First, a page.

play right field, and I know. You don't really know what to do until the ball is right on you, until the last minute. But then again, in a tight ball game, nothing-nothing...."
Green protested that Mazzilli's homer "was only one run." And the fact remains that Carlton then did allow the Mets to score two more in the inning.
Carlton may be the master of the concentration, but even he has lapses. After a similar blooper fell in front of McBride in San Francisco last July, he threw back-to-back homers. This time the Mets just stroked the ball in the right places.
Two pitches after the homer, Frank Taveras lined a hard single to right. Then Carlton got the first out. But John Stearns bounced one into left for another single.
Youngblood, who was 2-for-2 at the time, was next. He simply slapped at an outside breaking ball, and knocked it into right. When McBride overthrew the cutoff man trying to get Taveras at the plate, Youngblood moved up and it was second and third for Alex Trevino (.318).
Trevino towered a fastball that Garry Maddox ran down at the track in center. But Stearns jogged home, and it was 3-0.
The Phillies never quite made it back against Mets rookie John Pacella, who, fittingly, was stalking his first major league win.
Pacella, who has averaged nearly seven walks and seven strikeouts per nine innings this year, got through six innings with a three-hitter. That meant it had been 16 innings since the Phils had last scored as Maddox opened the seventh with an infield single.
Bob Boone ended the scoring drought by ripping his fifth homer way up the lower deck in left. Pacella then drilled Greg Gross in the heel, and Mets manager Joe Torre got the righthander out of there while it was still 3-2. Tom Hausman came on and saved it for him with three hitless innings.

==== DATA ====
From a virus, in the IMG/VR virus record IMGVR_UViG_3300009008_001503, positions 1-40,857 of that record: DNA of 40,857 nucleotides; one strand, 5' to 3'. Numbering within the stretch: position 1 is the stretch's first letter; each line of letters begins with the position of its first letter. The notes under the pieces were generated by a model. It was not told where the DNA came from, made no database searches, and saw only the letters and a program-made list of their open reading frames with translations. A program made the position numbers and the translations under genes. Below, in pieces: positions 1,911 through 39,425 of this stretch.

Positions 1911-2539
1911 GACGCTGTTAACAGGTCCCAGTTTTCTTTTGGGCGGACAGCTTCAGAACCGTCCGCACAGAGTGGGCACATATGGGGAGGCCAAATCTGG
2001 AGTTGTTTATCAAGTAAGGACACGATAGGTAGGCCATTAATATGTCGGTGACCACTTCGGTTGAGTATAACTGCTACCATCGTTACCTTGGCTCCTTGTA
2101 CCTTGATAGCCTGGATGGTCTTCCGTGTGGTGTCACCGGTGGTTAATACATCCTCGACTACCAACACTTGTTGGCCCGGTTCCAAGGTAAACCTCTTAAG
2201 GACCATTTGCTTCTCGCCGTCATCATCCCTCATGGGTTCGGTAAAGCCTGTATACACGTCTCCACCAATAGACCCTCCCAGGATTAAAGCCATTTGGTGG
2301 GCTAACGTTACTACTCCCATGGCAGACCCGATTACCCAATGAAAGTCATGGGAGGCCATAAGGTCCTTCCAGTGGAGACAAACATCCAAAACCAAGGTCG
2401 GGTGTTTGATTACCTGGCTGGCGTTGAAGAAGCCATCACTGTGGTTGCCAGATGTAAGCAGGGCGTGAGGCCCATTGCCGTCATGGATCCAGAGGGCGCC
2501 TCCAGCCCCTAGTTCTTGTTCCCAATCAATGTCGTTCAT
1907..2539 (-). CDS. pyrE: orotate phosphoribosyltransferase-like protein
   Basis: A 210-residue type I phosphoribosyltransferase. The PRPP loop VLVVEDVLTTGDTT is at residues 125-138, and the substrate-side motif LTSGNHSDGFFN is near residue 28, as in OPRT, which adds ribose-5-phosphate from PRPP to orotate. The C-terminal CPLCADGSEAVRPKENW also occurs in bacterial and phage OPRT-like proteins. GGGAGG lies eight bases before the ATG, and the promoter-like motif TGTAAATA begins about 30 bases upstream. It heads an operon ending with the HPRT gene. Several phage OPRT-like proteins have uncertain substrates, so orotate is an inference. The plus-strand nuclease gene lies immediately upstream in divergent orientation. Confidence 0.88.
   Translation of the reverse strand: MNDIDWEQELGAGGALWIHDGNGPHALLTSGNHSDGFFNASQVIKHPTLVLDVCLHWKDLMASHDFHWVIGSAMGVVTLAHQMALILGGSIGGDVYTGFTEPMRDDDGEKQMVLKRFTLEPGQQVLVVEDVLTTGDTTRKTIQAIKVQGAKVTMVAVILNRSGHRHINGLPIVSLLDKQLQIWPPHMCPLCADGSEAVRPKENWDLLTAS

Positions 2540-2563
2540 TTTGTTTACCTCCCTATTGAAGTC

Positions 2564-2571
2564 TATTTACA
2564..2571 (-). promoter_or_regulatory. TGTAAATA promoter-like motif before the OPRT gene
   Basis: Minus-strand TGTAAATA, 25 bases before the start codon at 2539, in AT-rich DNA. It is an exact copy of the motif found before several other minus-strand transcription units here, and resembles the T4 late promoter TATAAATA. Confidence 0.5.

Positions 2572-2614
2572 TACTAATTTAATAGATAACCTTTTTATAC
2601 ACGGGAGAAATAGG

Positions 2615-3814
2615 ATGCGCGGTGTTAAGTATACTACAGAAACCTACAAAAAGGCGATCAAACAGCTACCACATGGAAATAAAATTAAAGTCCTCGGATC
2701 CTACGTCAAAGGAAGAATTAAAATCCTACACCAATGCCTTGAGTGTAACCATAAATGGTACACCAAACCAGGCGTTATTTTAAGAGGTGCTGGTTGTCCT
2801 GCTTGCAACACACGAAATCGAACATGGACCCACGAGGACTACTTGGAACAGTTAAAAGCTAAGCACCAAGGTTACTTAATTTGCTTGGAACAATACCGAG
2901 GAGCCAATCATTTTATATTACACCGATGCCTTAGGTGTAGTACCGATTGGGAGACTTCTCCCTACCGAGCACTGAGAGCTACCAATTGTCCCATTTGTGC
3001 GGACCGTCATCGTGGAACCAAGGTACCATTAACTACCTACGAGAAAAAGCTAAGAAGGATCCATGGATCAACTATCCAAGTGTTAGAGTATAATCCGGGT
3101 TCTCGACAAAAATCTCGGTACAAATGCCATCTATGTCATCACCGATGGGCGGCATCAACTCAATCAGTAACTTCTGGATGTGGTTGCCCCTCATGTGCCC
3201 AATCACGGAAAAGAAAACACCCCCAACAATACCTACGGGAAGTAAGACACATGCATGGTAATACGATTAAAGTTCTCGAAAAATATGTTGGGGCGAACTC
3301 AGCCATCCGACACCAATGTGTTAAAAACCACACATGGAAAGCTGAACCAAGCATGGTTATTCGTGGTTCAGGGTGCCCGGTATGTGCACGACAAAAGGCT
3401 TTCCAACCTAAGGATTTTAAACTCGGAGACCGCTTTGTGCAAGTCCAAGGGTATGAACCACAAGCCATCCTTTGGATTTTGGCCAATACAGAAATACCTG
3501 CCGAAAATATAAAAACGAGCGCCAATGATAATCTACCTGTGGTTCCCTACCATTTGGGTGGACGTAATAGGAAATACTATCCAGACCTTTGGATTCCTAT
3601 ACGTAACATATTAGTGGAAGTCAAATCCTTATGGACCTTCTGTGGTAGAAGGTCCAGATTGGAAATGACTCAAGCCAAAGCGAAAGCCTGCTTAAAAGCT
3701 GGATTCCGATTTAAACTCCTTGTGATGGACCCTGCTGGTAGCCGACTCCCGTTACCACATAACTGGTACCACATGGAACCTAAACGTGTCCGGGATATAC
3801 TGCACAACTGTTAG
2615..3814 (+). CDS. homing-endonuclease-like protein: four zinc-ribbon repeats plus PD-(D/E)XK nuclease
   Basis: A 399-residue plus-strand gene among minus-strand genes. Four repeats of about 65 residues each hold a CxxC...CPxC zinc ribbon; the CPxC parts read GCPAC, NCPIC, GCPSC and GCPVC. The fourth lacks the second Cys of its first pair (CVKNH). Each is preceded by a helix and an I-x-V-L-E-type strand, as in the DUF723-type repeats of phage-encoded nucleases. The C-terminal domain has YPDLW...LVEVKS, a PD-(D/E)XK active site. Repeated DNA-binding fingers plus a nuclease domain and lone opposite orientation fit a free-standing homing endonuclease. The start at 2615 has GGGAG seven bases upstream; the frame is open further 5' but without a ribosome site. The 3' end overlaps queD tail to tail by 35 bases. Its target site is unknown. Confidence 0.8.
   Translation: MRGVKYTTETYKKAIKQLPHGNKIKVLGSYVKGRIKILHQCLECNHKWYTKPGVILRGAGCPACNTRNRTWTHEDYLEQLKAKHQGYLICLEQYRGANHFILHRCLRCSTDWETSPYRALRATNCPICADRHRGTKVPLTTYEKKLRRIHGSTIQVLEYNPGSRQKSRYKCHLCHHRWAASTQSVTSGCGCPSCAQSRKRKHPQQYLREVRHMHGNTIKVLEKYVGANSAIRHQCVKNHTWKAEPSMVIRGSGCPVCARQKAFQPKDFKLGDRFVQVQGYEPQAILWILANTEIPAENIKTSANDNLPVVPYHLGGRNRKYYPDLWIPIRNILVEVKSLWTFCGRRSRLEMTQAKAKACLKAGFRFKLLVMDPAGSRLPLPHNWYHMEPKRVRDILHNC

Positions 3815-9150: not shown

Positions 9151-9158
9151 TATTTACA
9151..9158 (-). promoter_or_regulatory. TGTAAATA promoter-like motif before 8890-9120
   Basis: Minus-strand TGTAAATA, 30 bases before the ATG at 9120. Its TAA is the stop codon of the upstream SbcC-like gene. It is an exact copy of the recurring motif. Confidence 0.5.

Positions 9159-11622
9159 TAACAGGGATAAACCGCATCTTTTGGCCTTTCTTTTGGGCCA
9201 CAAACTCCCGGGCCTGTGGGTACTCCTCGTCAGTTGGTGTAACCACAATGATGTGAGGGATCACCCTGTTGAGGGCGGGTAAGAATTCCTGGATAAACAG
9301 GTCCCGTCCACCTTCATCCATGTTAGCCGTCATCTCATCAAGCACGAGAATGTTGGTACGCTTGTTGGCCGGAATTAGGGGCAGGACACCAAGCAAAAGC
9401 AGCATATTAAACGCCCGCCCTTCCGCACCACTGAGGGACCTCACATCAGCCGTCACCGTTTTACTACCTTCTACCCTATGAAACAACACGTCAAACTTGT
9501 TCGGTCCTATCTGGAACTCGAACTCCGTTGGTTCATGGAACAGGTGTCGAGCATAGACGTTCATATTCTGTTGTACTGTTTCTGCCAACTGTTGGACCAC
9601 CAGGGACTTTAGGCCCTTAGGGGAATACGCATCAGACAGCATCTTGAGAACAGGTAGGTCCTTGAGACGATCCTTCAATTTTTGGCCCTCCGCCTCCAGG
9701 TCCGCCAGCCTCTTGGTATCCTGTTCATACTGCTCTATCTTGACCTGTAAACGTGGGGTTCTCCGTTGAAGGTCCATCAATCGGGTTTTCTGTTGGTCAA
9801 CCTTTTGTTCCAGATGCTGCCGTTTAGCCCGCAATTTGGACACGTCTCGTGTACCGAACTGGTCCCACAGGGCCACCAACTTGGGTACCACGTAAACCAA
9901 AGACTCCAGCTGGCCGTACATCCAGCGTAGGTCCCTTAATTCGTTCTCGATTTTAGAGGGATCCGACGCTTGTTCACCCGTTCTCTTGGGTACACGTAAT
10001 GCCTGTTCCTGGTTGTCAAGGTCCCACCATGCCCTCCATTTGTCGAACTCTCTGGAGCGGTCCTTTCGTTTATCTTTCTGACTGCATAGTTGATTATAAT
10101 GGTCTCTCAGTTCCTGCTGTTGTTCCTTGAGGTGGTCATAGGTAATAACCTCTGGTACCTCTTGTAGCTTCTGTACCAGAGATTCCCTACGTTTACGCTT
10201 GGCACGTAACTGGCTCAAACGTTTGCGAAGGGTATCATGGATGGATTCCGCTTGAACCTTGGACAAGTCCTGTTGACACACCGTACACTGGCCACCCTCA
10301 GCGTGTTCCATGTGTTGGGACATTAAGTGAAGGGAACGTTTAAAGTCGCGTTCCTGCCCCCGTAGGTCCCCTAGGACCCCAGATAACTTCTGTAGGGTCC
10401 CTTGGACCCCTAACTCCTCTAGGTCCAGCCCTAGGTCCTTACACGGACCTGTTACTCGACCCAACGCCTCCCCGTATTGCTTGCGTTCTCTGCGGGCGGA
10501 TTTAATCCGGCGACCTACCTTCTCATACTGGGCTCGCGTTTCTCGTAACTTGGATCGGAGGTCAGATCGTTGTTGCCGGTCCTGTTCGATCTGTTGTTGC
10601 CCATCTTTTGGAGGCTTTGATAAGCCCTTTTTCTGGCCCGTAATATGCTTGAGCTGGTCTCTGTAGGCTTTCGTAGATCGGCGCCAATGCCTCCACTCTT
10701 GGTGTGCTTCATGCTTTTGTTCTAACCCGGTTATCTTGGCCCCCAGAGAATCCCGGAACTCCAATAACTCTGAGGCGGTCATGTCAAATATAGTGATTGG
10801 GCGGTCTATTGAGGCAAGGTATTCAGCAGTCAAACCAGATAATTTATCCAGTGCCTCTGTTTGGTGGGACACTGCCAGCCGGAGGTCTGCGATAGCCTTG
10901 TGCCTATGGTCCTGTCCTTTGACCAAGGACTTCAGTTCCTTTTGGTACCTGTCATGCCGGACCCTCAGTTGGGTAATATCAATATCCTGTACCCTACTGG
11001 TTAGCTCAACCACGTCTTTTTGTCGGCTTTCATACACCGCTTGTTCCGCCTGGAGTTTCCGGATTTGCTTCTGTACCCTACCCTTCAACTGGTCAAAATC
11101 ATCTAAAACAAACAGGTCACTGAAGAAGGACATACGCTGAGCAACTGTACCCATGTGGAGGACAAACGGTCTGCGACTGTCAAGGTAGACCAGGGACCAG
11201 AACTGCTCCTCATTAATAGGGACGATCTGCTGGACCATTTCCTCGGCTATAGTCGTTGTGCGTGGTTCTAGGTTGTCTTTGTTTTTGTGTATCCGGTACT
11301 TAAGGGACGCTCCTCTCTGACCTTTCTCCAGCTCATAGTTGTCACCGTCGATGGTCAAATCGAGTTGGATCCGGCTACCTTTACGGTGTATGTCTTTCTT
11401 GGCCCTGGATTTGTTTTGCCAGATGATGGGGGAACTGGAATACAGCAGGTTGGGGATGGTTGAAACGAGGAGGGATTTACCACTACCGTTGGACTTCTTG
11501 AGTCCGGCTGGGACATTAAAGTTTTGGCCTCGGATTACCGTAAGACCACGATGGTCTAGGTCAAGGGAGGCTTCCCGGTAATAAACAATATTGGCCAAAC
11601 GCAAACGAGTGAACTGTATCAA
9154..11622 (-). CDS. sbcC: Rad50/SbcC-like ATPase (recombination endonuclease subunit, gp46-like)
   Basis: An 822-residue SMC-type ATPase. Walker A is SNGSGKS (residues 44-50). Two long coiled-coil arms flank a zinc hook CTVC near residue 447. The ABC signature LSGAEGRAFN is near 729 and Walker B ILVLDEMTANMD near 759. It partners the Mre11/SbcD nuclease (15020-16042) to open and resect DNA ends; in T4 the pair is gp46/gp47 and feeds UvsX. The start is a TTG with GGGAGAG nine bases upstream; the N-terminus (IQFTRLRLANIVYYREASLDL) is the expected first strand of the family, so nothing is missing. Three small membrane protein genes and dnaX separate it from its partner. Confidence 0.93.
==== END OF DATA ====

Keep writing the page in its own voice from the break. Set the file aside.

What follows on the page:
Before Pacella gets immortalized in the Phillie-killer Hall of Fame, it ought to be noted that the Phillies have been taking a lot of killings lately. They have lost six of eight and have scored four runs in their last three games.
"I'm a little worried we're starting to slip back into the old talent-will-take-over-any-day type of attitude," Green said. "I think maybe I might have to have a little talk about that. The old talent's catching up quick."
NOTES: Larry Bowa hit, played pepper and walked around without so much as a decent limp yesterday after straining his right hamstring Thursday. Trainer Don Seger said he can play as soon as he can run, which should be less than a week. Seger is wary, however, of Bowa rushing back and reaggravating it, a la Greg Luzinski last year.... Nino Espinosa was back from Spartanburg yesterday. Pitching coach Herm Starrette said he and Dallas Green wanted to watch Espinosa throw on the side, then they would make a decision about activating him.... A 1964 Herm Starrette baseball card was going for 14 cents at the baseball memorabilia show at the Vet last night.... Dick Ruthven (Game 1) and Dan Larson (Game 2) start vs. Ray Burris (9-4 lifetime against the Phillies) and Mark Bomback (2-0 lifetime against the Phils) in today's twi-nighter(5:35 p.m.).
Phils take on Mets twice
It’s two for the price of one this afternoon and tonight.
Fans who go out to Veterans Stadium will enjoy one of their few breaks from inflation as the Phils entertain the Mets in a doubleheader beginning at 5:35 p.m.
There is only one other doubleheader scheduled at the Vet this season.
PHILLIES vs. New York Mets at Veterans Stadium, twinight doubleheader, 5:35 p.m. (Radio-KYW-1060)